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Reaching Archmage 4 I can choose Divine Source which is suggested in many builds since it is (apparently) very powerful. I have read this now a few times but do not really understand how it is working and how to apply it.

  1. You can grant divine spells to those who follow your cause, allowing them to select you as their deity for the purposes of determining their spells and domains.

    • Many of the domain spells are not divine; do the arcane spells change somehow to a divine source or something?
    • If I want to grant divine spells from the chosen domain to my paladin (of Iomedae) he has to choose me as his deity. Will he lose the favor of Iomedae? Does he have to pray to my wizard from now on?
  2. Since I am a wizard I have most of these spells on my list already. So is the main advantage to get some divine spells on your list and one more spell slot via the SLAs?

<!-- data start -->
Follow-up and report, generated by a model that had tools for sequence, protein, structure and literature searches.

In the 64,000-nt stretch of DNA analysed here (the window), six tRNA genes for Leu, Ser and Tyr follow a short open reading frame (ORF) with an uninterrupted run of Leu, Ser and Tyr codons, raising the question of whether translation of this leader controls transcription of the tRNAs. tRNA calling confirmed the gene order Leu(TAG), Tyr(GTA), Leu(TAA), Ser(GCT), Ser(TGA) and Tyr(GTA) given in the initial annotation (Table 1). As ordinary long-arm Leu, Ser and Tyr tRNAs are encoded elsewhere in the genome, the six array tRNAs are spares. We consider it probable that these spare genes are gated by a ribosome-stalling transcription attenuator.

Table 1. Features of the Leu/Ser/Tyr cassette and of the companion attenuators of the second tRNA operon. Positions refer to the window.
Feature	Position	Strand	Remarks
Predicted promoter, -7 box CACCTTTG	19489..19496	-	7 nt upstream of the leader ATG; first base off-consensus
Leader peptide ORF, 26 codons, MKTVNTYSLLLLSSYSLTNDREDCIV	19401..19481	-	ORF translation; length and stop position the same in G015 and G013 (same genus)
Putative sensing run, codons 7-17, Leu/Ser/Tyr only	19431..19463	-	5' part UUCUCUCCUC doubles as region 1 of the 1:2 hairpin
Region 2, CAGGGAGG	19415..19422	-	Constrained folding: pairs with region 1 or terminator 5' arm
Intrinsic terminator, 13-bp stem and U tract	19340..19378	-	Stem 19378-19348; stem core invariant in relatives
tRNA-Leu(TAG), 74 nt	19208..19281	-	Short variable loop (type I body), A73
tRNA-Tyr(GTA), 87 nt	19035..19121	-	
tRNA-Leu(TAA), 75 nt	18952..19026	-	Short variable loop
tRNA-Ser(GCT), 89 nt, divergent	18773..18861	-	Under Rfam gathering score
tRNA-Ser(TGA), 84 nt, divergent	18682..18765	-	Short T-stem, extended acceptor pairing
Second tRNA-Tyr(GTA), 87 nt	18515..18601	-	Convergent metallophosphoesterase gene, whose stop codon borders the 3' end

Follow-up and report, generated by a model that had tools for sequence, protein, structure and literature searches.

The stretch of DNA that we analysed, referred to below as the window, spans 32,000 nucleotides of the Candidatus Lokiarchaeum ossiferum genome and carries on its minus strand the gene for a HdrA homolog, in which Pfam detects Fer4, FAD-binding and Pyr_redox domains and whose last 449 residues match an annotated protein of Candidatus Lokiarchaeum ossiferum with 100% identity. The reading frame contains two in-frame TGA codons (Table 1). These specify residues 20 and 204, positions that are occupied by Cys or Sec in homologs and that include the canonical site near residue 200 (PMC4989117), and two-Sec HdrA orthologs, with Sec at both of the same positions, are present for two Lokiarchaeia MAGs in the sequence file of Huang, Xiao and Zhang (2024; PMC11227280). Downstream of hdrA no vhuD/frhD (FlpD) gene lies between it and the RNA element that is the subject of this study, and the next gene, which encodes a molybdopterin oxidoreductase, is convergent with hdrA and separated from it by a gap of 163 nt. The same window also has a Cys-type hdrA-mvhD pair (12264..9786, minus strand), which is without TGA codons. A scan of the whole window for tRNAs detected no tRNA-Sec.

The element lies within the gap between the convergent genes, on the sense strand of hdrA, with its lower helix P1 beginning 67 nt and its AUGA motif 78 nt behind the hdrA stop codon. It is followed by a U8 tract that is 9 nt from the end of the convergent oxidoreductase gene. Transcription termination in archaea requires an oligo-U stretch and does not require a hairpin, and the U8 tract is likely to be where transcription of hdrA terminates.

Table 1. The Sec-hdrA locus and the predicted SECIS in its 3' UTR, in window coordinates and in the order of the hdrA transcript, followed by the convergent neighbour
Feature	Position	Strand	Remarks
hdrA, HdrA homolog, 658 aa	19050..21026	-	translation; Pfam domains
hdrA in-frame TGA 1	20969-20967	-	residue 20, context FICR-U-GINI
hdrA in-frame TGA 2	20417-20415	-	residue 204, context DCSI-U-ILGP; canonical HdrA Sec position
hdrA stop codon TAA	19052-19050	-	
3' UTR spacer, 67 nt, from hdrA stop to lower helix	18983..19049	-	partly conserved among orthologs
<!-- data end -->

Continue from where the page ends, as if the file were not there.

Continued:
Each day as a spell-like ability, you can cast one spell of each level equal to or less than your tier (selecting from those available to you from your divine source domains).

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So divine source is powerful to you (as long as you have some neutrality). To followers, until you have tier 9, not so much.

You get to pick two domains. You have to choose any alignment domains matching your own alignment first, but if you have some neutrality, you get to pick at least one domain freely. If you are true neutral, you get to pick both freely. If you have no neutrality, you are forced to pick an alignment domain for both, and they miss out on the most powerful feature of divine source.

From these two domains,

  1. You get to cast the spells from that domain whose level are not above your tier (so the 1st, 2nd, 3rd, and 4th-level spells from each domain at tier 4). Even if they aren’t otherwise on your list. That’s really nice; you get two new spells per tier that might have otherwise been completely inaccessible.

  2. In addition, for each spell level that’s not higher than your tier, 1/day you can cast the spell from one or the other of the domains as a spell-like ability. That is a really big deal: spell-like abilities don’t have components, so feel free to grab domains that have expensive components and go to town.